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Paulanne Simmons

“Linda Means to Wait” Is Fascinating and Funny

“Linda Means to Wait”
Directed by Imani
Shooting Star Theatre
40 Peck Slip, between Front and South streets
Aug. 12 & 13 at 7 p.m.; Aug. 14, 21, 28 at 5 p.m.
$20, (917) 239-6690
Reviewed by Paulanne Simmons Aug. 21, 2005

Coming-of-age stories may be a dime a dozen, but Linda Sithole’s one-woman-show about a South African black girl growing up in Chicago is priceless

“Linda Means to Wait,” is an autobiographical work written and performed by Sithole and sensitively direct ed by Imani, artistic director of the producing company, Richard Allen Center for Culture and Art (in association with Montauk Theatre Productions). The show is back by popular demand at Shooting Star Theatre, located in the South Street Seaport. Hopefully, it will come back again…and again.

Sithole is captivating and saucy as the South African maverick who questions everything – her parents, South Africa, America, blacks, whites. Her story unravels as she and her American-Jewish boyfriend (a recorded voice) wait to find out whether her much beloved father has been killed in an airplane crash.

Sithole grew up on “Pill Hill” (a better name that “Quack Shack Gardens”), a section of a bourgeois neighborhood that has been ceded to blacks. She was unaware that she was living in a ghetto until a seventh grade history teacher in her all-black school told her class that a ghetto doesn’t have to be a slum – it just has to be a neighborhood no one else wants.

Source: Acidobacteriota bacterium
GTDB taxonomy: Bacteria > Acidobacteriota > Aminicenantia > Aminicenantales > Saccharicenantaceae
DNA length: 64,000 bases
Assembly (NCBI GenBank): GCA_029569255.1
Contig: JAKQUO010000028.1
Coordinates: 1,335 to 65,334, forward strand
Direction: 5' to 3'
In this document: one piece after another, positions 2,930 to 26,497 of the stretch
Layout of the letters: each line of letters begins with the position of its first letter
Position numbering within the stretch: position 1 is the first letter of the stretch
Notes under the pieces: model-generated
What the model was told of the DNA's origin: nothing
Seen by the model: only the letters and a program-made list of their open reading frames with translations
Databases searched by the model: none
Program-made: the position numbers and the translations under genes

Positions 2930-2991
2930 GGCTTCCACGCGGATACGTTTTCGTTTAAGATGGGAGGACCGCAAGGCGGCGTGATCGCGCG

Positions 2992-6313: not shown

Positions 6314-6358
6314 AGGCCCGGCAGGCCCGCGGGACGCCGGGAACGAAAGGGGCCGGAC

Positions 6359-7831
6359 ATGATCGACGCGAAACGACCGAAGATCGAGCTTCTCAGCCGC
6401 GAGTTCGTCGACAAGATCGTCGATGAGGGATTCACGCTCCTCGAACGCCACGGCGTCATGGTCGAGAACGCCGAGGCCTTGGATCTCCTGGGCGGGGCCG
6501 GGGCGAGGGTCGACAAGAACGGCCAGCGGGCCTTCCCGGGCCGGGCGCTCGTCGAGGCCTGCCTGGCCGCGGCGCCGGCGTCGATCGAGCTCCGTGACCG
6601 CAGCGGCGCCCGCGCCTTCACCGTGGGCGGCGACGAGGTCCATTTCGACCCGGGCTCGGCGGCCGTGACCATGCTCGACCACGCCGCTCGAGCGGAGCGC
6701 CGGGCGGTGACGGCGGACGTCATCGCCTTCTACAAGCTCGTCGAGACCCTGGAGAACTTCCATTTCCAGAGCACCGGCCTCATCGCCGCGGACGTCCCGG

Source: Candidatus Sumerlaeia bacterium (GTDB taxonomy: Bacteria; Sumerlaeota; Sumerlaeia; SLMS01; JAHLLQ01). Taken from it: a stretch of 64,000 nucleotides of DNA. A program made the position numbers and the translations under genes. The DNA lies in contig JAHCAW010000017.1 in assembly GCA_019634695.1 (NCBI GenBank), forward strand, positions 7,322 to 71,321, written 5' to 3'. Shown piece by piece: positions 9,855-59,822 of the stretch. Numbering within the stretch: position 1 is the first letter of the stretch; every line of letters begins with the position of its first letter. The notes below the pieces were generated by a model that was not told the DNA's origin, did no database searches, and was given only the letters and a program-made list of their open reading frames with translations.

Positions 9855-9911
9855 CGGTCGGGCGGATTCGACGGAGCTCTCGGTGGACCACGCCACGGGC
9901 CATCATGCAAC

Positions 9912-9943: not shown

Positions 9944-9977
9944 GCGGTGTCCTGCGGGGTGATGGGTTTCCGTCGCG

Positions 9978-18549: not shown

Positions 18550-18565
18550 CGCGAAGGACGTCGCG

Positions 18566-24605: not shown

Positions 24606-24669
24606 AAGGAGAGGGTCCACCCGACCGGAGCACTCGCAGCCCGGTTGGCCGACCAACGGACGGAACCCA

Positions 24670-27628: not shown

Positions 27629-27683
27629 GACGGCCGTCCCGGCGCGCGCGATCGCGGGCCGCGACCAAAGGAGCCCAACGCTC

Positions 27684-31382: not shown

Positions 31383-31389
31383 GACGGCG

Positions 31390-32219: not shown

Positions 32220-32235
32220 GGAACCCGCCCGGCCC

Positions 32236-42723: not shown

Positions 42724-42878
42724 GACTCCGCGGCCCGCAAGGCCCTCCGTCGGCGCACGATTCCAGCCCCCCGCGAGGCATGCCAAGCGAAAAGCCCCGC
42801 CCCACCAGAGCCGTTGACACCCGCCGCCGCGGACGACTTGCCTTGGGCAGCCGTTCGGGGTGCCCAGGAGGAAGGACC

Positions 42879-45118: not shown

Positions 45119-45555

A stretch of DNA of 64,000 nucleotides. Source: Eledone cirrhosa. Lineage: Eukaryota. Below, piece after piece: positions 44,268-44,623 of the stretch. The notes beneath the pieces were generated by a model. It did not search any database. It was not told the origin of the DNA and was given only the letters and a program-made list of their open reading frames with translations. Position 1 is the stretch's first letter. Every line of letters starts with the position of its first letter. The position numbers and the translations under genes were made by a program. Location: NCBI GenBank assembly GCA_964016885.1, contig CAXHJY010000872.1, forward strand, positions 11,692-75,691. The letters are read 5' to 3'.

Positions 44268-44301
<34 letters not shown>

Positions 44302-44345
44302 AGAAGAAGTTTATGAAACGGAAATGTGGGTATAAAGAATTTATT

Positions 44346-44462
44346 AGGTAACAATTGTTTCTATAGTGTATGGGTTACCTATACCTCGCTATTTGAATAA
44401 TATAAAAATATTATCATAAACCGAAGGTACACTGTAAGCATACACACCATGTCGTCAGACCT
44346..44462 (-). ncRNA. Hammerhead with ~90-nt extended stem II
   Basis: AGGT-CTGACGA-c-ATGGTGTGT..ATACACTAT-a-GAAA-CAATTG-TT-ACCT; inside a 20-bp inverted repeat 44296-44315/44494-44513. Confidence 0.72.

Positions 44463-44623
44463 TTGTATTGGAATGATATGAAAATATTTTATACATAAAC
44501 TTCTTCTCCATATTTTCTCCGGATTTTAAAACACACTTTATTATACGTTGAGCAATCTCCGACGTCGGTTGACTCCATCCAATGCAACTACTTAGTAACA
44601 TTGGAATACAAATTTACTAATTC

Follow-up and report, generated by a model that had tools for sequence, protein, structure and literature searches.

Sithole’s performance is filled with emotion and humor. She takes a wry look at American culture from The Brady Bunch to The Jackson Five. She sings songs that cover the likes of Dolly Parton and Miriam Makeba. She dances. She mimes celebrities and members of her family. Sithole’s monologue includes such one-liners as “I was as out of place at these dinners as the Mafia at H&R Block.”

The daughter of an ethnomusicologist, Sithole has created a monologue that is didactic in the best sense of the word. Her explanation of the differences between African and European music is entertaining and informative, if somewhat biased. The comparison she makes between the black South Africans in the mines and the black slaves in the cotton fields is painfully apt.

Linda Means to Wait is both a personal history and a family saga. Sithole seems to be well aware that as individuals grow they must venture into new territory, but they also bring along their family, their country and their culture. And it is from the past that the future is created.

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